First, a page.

In addition to getting to know each other, we worked on a variety of creative projects to prepare for the convention and activism actions that would follow. We made a variety of posters and collaborated on friendship bracelets with various pro-ERA messages. In addition, we assembled zines with information regarding what the ERA is and what the reader can do to support the 28th Amendment. These would be given out at a protest at the National Archives following the convention to ensure that people who did not attend the convention were able to get information regarding how they can join the pro-ERA movement.     

Throughout the weekend we heard from incredibly impressive feminist activists of all generations who told stories from their histories of fighting for the ERA and how they planned to continue the fight in the future. We heard from Nevada State Senator Rev. Dr. Pat Spearman who was instrumental in ratifying the ERA in Nevada as well as from Rep. Cori Bush who launched the Congressional ERA Caucus alongside Rep. Ayanna Pressley to affirm the ERA as the 28th amendment. We also heard from Christian F. Nunes, the president of NOW about the need to make the fight for the ERA an intersectional movement and we heard from Rosie Couture, the executive director of Generation Ratify, regarding the importance of creating a youth-led movement for the ERA to ensure its longevity. Lastly, it was an honor to hear from former NOW president and co-founder of the Feminist Majority Foundation, Ellie Smeal, about her decades-long advocacy for the ERA which involved passing the three-year extension for states to ratify the ERA and managing a national campaign to gain ratification in the three final states needed to put the amendment in the Constitution.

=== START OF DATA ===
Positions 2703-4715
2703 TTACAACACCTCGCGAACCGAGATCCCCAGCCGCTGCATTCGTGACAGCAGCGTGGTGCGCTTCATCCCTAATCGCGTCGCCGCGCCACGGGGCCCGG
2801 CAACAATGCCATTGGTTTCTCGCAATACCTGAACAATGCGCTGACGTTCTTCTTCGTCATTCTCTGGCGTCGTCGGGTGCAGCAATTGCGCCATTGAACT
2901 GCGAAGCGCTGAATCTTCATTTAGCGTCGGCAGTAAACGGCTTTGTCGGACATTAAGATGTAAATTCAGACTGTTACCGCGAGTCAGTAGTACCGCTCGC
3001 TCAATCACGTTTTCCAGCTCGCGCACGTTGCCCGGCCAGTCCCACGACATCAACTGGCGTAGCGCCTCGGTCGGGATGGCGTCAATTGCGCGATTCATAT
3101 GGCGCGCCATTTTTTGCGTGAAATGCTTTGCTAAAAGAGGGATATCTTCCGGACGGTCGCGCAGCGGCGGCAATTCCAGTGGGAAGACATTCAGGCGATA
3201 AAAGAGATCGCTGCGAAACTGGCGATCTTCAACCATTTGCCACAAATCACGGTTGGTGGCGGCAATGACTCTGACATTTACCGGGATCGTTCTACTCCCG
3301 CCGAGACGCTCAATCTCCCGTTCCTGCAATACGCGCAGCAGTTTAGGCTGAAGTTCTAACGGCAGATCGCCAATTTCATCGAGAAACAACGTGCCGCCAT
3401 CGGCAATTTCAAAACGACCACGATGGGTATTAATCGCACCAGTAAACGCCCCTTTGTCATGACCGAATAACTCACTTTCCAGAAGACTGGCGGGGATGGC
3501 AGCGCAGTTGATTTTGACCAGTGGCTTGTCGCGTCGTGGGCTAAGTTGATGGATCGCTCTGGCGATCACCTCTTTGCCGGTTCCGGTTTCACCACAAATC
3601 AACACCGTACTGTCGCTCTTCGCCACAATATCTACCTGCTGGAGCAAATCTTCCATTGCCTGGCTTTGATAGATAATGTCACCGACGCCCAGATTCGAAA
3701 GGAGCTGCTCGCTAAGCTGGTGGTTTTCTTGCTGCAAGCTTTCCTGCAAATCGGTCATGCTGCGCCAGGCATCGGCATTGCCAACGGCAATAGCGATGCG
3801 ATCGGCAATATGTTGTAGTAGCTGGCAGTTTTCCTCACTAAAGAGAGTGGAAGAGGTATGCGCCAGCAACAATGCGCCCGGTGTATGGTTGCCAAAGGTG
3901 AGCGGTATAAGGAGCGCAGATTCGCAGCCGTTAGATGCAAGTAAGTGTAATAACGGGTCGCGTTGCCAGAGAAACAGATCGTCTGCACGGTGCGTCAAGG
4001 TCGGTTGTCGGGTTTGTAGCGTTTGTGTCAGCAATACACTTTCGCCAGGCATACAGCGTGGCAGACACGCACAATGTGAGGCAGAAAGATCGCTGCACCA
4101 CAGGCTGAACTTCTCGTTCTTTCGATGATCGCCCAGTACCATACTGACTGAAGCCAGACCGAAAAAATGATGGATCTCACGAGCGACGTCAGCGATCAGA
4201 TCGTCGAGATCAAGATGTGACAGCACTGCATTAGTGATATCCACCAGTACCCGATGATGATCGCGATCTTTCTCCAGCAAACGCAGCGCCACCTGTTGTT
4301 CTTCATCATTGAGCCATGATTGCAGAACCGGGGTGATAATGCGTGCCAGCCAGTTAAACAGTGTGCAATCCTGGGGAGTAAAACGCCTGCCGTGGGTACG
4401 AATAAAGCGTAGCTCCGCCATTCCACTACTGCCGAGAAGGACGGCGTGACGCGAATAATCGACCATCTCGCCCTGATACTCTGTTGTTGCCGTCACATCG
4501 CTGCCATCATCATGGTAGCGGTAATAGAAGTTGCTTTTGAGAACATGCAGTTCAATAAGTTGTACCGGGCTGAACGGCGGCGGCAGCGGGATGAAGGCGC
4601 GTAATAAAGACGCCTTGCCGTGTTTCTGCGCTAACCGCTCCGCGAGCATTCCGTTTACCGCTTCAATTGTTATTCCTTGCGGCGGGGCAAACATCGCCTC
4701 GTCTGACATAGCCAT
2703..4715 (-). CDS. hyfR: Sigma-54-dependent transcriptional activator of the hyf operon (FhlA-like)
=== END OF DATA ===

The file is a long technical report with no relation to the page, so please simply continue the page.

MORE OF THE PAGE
It is important that our activism for the Equal Rights Amendment does not stop now that we have left Seneca Falls. We must follow in the footsteps of the activists who came before us by continuing to engage in meaningful activism. After all, a sentiment echoed throughout the convention is that we should be celebrating the 100th anniversary of the movement for the ERA by ending it. As a result, we spent the final hours of the convention giving recommendations about how to use the knowledge and connections we had gained during the convention to continue advocating for the ERA after the convention was over. I personally took part in Generation Ratify’s six-hour blockade of Constitution Avenue in front of the National Archives in Washington, D.C., and spent two days lobbying in Congress in support of a variety of pro-ERA bills. In the future, I plan to set up an event at my university with our campus chapter of NOW to raise awareness for the ERA and show students ways they can use their voices to support the certification and publication of the Equal Rights Amendment so that we do not have to wait another 100 years for constitutional equality.  

By Brigid Rawdon, NOW Government Relations Intern